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Unrealistic Beauty Standards: The companies that are saying no

Published on 07 September 2018|
2 min read

It is 2018.  Consumers are no longer willing to submit to unrealistic beauty standards.  And companies are starting to take note.

by Emily Mary Chin, Carrybeans

If the lion’s share of media and advertising were to be believed, you’d think that all women were stick-thin and poreless, with delicate features and hairless bodies.  But the reality is, hardly any of us look like the girls we see in magazines.  And though the beauty standards that have been set for us are obviously unrealistic, we still fall prey to believing them.

Companies now have a responsibility to be more inclusive in their marketing. Marketing needs to portray people in a more genuine and natural state, instead of the idealised and airbrushed half-humans that we have grown so used to seeing.

Most companies have yet to break the mould but here are some that have risen to the challenge!

MAC Cosmetics

“Women have facial hair, too!”

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Into the woods with Lip Pencil in Chestnut is probably the closest to nature we'll get this year. M·A·C Artist @mttthw helps @nats.vibe find her wild side. #Regram

A post shared by M·A·C Cosmetics (@maccosmetics) on

MAC Cosmetics recently sent their Instagram followers in a flurry when they posted a photo advertising for their Chestnut lip pencil.  It is a fairly standard MAC social media posting, save for the fact that it lacks their usual douse of airbrushing.  The model in the photo has visible pores and upper lip hairs, something completely natural yet absent from most beauty product marketing.  And though the difference is subtle, it makes all the difference.

“Thank you, MAC, for skipping Photoshop!”

“Absolutely love the natural image. Allows consumers to better see the quality of the product too.”

“Yaaassss!!! Living up to other people’s beauty standards can be so exhausting and emotionally tolling.  Especially when, as women, our bodies and faces are expected to be predominantly hairless and poreless.  Thank you!”

Some of the positive comments on the post show that there’s a real thirst from consumers for more genuine marketing. Women, in particular, want to see real people in advertising, people they can relate to.  Gone are the days where women can be shamed into buying products they don’t need.  Now, we demand you get to know us.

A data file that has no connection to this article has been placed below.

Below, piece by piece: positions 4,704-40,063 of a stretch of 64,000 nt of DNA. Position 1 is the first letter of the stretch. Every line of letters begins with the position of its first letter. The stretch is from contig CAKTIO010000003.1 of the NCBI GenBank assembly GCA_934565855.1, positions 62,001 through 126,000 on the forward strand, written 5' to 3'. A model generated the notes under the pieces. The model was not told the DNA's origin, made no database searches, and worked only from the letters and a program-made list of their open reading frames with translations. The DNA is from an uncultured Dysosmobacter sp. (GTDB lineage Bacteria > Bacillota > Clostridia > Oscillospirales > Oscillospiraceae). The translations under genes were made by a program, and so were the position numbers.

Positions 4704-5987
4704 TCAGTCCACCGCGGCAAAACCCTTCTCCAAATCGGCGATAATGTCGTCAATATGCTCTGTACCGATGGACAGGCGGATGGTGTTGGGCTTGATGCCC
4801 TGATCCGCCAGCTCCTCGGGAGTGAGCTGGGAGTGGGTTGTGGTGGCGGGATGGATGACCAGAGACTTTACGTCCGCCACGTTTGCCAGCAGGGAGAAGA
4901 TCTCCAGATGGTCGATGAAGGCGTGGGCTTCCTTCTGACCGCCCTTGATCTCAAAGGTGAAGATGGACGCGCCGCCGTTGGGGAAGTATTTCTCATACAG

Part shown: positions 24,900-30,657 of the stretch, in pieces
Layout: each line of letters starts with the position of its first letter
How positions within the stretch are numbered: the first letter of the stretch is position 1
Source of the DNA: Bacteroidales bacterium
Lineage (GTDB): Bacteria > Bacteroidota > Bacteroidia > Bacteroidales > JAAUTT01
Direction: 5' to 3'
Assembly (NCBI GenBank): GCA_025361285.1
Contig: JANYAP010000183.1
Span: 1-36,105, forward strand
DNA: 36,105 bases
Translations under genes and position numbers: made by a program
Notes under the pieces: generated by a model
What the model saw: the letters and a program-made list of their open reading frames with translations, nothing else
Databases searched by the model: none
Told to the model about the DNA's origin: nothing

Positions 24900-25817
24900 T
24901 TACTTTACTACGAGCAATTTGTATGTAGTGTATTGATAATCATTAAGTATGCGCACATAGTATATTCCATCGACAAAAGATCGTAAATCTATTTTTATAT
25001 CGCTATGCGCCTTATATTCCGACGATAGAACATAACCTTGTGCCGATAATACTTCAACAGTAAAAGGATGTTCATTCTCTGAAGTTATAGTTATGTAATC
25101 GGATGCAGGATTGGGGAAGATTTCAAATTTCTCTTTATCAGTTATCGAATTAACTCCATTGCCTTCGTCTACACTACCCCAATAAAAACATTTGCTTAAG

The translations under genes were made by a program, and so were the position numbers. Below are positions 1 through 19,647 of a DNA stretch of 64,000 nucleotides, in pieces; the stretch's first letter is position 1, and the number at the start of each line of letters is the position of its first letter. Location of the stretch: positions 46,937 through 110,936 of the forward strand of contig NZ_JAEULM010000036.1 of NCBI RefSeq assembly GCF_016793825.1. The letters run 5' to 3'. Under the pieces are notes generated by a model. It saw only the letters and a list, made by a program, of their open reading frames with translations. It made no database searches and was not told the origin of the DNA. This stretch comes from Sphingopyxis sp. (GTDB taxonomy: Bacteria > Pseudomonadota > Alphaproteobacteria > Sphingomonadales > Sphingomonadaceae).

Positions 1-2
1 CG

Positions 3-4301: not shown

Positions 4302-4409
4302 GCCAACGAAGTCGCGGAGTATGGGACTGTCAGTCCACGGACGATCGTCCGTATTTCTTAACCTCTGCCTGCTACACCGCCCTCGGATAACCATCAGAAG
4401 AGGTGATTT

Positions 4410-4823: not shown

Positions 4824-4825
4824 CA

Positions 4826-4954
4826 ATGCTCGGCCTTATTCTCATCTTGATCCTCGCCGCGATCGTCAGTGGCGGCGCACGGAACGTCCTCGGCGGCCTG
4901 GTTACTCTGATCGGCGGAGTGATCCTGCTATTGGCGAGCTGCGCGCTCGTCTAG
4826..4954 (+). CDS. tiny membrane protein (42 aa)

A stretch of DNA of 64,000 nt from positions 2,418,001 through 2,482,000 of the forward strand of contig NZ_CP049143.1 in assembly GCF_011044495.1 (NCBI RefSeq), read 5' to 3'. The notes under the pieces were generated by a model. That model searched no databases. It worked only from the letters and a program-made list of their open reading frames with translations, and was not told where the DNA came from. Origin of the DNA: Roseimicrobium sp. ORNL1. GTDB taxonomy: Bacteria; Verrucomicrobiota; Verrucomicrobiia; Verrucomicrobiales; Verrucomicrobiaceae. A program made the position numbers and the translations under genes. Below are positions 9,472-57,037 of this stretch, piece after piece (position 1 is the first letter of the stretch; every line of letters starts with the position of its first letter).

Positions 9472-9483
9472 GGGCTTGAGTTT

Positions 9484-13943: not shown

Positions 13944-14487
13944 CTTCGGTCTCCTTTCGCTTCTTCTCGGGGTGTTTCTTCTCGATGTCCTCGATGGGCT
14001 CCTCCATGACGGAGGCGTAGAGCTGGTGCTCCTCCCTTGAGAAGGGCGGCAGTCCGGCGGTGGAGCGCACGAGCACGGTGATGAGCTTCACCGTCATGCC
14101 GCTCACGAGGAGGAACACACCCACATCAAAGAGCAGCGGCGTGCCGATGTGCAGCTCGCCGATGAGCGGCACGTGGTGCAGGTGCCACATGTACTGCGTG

“Working out sucks!”

Nike Women takes a refreshingly honest approach to fitness advertising with their #BetterForIt campaign.  The video campaign takes us through the thought processes of multiple women attempting to finish their workouts.   The videos reveal a more honest and inspiring underbelly lurking below the surface of our favourite fitness motivation videos.

Most fitness marketing would have you believe that athletes are supremely confident in their workout, that fitness is a breeze, if only you were fitter.  They make you believe that athletes love to run and love to sweat and love to push themselves.  But #BetterForIt makes it clear that this is not entirely true.  Just like you and me, athletes have insecurities too.  They hate running, they hate sweating, and they hate having to push themselves.

But they do it anyway because they have to.  Because they’re #BetterForIt.


“Other people’s opinions do not define you!”

Dove has long done away with unrealistic beauty standards since their Be Real campaign, first launched in 2004.  But their #MyBeautyMySay campaign takes body positivity to a whole new level.

Beauty is not just skin deep and it comes in many forms.  Your looks do not define your personality or capabilities.  Other people’s opinions do not define them either.  This should all go without saying but unfortunately, society still struggles with understanding this concept.  After all, it is human nature to try to categorise and fit people into boxes.

#MyBeautyMySay sends the obvious but still necessary message: you are whoever you want to be, regardless of what people think.

Be raw, be real, be you

Media and marketing play a big role in how consumers perceive their own value and self-esteem.  We as humans are naturally comparative animals.  We can’t help but compare ourselves to the people we see on our screens, whether television, computer or phone.

And marketing depends on people’s low self-esteem to be able to sell products.  If I’m trying to sell a weight loss product to someone who is confident in their body, likeliness is that I won’t be able to make the sale. But if you are insecure about your body, I’d be more likely to make the sale. This is a big part of why these unrealistic beauty standards exist.  They exist for profit.

So let’s not wait for other companies to catch up with MAC Cosmetics, Dove and Nike Women.  Let’s take back the control.  Corporations should not define our self-worth.  So let’s stop letting them.

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